Getting real: what would serious climate action look like?

Spread the love

From Getting real: what would serious climate action look like?

So what would it look like? Let me sketch out just a few examples. An early win would be an immediate moratorium on airport expansion and a plan to deliver a fair 80 percent cut in all air travel by 2030. Also, no more new internal combustion engine cars would be built from 2025, and there would be a huge shift away from private cars in cities and urban environments coupled with a shift towards public transport and active travel. Maybe rural communities would continue to use EVs, but with a rental rather than ownership model. Also necessary would be the retrofit of existing homes, not just a pilot scheme but actually rolling it out street by street at mass scale. Passive house standards would be required on all new properties and also a maximum size threshold. Why are we building homes that are 200 to 400m2? Cut this to a maximum of 100 to 150m2, still large homes, but with much less resource and material use – and of course less land! And when we sell existing very large houses, have them carefully and creatively divided into normal sized homes. All of which would free up labour and resources to achieve the necessary decarbonisation agenda. On top of all of this we need a massive expansion of electrification in the energy system. This is an unprecedented scale and rate of change – pushing the productive capacity of society to its limit and consequently demanding the reallocation of labour and resources to deliver a decarbonised, sustainable and prosperous future.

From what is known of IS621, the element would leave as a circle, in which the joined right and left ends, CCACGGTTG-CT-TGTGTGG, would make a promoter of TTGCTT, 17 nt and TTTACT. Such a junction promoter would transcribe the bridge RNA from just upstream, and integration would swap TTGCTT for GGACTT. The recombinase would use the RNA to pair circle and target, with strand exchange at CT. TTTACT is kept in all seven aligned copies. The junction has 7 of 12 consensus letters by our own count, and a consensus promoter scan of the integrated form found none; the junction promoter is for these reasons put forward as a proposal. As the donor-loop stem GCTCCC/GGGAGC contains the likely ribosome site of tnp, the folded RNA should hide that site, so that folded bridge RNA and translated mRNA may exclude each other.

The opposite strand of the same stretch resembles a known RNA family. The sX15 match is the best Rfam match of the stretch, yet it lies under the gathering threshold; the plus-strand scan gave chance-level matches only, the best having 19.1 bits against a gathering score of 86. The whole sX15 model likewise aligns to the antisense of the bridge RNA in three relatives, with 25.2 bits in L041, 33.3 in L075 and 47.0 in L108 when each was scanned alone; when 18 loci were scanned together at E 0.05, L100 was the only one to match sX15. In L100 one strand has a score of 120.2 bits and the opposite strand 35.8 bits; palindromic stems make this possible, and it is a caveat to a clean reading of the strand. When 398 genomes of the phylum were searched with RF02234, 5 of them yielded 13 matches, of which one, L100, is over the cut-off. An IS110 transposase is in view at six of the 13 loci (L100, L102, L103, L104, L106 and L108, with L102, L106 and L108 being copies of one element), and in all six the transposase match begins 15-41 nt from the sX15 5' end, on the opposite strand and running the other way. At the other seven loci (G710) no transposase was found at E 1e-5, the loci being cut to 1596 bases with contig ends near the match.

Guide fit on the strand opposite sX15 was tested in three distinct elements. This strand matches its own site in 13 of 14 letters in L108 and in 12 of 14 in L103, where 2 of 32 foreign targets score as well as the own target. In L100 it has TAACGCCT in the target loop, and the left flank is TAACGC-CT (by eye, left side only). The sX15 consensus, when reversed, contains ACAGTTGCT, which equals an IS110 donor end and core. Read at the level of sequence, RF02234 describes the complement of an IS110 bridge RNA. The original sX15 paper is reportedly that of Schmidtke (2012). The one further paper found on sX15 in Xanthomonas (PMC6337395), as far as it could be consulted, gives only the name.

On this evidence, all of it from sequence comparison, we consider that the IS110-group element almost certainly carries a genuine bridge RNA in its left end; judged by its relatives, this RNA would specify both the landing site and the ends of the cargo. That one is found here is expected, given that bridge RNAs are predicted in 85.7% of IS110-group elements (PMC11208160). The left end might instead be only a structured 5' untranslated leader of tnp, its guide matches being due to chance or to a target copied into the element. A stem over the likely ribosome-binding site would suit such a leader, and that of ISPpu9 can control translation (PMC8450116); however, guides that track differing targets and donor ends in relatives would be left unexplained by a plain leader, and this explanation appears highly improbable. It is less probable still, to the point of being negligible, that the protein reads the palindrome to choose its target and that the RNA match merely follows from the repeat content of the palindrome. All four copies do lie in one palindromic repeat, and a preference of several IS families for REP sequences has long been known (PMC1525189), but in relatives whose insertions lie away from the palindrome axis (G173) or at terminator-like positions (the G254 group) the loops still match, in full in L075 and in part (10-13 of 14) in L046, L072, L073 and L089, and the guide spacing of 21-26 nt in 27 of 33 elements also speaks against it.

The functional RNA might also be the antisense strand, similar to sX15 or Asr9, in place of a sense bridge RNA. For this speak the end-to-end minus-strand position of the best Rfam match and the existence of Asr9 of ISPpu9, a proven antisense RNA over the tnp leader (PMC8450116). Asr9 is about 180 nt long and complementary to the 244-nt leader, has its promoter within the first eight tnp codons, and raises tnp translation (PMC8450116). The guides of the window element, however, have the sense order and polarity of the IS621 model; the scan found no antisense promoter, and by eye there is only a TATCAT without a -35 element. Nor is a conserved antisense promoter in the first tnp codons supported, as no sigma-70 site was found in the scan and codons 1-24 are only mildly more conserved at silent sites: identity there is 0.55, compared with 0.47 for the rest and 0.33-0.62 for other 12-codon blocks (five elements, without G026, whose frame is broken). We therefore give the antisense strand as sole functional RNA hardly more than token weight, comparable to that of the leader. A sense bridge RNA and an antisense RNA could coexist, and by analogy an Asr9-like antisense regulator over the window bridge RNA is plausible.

[H]ow do we get the debate opened up? How can the silent majority, who will do really well out of these changes, have their voices heard without being twisted by those running the show? If the media, ‘the great and good’ experts and we high-emitters continue to have our way there will be no shift in business-as-usual until we’re hit by the climate chaos of inaction. If, however, enough voices can break through the stifling status quo, perhaps a more honest and inclusive debate can be catalysed. As we have progressed beyond the climate deniers, so now we need to move beyond the ‘mitigation deniers’ who greenwash business-as-usual. To me at least, the rise of civil society engagement on climate issues along with real-world technologies demonstrating what is already possible, suggest that we may be in the foothills of a social and technical tipping point. Of course, we can’t know this until we are actually living through it. But we can increase its likelihood and hasten the demise of the high-carbon status quo by repeatedly and coherently countering the ‘mitigation deniers’ wherever they may reside.

Kevin Anderson is a Professor of Energy and Climate Change at the Universities of Manchester (UK) , Uppsala (Sweden) and Bergen (Norway). Kevin is also co-founder of the Climate Uncensored website – – where readers can find more detailed discussion of the issues covered in this article.

From Getting real: what would serious climate action look like?

Leave a Reply